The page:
The Right Way to Invest in Supplier Relationships

January 2015

Effectively managing supplier performance means managing the entire relationship. Supplier Relationship Management (SRM) is an organized approach to establishing and managing the company-to-company interactions with suppliers and focuses on maximizing the long-term value that can be derived from key supplier relationships. SRM is critical in ensuring a contract’s value is realized after the award. Though managing suppliers to established contracts is essential, the potential value of effective SRM is greater.

Successful SRM programs require patience, investment, risk-taking, and strong executive commitment. It is not an approach for every supplier—only the key suppliers. Companies can create real advantage by selecting the best suppliers and utilizing effective SRM to capitalize on their full potential.

Top-performing companies in SRM experience:

  • Increased innovation – suppliers can partner on new technologies and help mitigate risks
  • Decreased long-term costs – from both the effort required to source and the price paid
  • More efficient P2P – particularly in AP where processes are smoother (invoice matching, etc.) and inventory management where mutually beneficial collaborations exist (e.g., VMI or JIT can reduce inventory for both parties)
  • Improved consistency in quality and better availability of supply – requirements are better understood and both sides are willing to invest in the strategic partnership
  • Enhanced leverage of supply chain staff – these companies can spend their time focusing on strategic priorities instead of adversarial checks and balances

In a 2011 study by The Hackett Group on the value that can be derived from a successful SRM strategy, top performers reported annual SRM benefits of approximately 3% of total spend. Below are a few additional highlights from the study:

  • More than 25% of reported top-performer benefits came in the form of growth (innovation and new business generation/revenue uplift)
  • Top performers dedicated more than 2.7 times more resources to each strategic supplier and had 2.3 times fewer strategic suppliers per $ billion spend than did peer organizations
  • Top performers were more than twice as likely as peers to manage SRM via a single enterprise SRM group

So, what are the most effective approaches to SRM? Below is a selection of SRM best practices.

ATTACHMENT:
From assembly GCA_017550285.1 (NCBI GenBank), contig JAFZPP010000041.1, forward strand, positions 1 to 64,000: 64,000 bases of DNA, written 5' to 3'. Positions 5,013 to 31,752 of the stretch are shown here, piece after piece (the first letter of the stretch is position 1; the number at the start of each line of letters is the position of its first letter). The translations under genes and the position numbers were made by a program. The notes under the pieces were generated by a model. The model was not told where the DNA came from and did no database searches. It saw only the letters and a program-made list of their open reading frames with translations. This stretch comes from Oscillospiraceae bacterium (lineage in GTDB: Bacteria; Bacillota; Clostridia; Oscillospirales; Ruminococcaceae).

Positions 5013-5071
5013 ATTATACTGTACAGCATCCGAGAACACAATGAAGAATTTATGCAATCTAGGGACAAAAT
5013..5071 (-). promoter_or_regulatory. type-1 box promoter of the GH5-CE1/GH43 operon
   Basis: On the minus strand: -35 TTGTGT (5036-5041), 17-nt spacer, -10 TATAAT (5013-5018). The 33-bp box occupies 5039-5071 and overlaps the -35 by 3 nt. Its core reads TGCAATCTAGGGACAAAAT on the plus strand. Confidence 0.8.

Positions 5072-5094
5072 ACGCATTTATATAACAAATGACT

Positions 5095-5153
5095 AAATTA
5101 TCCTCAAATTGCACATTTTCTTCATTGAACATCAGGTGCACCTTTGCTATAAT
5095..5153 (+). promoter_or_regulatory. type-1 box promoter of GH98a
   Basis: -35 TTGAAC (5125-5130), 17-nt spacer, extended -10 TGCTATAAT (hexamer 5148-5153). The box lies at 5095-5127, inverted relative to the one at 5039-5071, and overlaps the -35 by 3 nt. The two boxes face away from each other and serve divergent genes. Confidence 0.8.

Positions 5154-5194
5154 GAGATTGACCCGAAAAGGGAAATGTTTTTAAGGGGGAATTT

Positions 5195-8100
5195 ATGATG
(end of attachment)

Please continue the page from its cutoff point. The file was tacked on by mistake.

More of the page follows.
World-Class SRM Practices

  • Supplier Qualifications – The formal process classifies suppliers into categories based upon strategic importance, past performance, and level of integration
  • Supplier Rationalization – Consolidating spend with a few suppliers will increase the strategic value of the relationship; it also allows you to get the most products from the best company
  • Supplier Communication and Feedback
    • The help desk handles supplier startup and ongoing issue resolution and support (e.g., with AP)
    • Policy and procedure documents are often located on the supplier portal, with the more important items (e.g., how to ship to us) in a more prevalent location
    • Surveys serve the purpose of collecting feedback to demonstrate interest and correct issues, but they should also be designed to solicit ideas for improvement
  • Supplier Performance Measurement (Scorecards)
    • Scorecards are used to rate the performance of key suppliers (not every supplier). Focus more time on the ones that matter most
    • Targets for the performance metrics are set through collaboration with suppliers
    • Plans are prepared and updated to address issues and improve performance
  • Governance Structure and Policies
    • Existing policies define the course of action in those cases when supplier performance is sub-standard
    • Suppliers “on suspension” have had sub-standard performance repeatedly or over a long period of time. Being on suspension often means they cannot bid on new work and must demonstrate actions to improve deficiencies
    • Governance structures that manage issue escalation and performance should apply to both sides—the supplier and the company
  • Business Continuity Planning – Managing risks is not just about decreasing them. It is important to emphasize “agility” to increase the speed in which the supply chain can react to unforeseen events
  • Supplier Diversity and Social and Environmental Responsibility – This is driven across the supply chain organization with specific goals and objectives—the key to achieving supplier diversity and supporting the company’s social and environmental responsibility goals
  • SRM Technologies
    • SRM software can be used for collection of supplier performance data, supply channel smoothing, risk modeling and contingency planning, automating supply chain processes, etc.
    • Compliance can be tracked against regulatory, legal, financial, and other requirements

Which pieces of the SRM strategy are most difficult in your organization? Which pieces are working well? Where do you see the most value today and where do you expect to derive the most value tomorrow? We’d love to hear from you: contact us.

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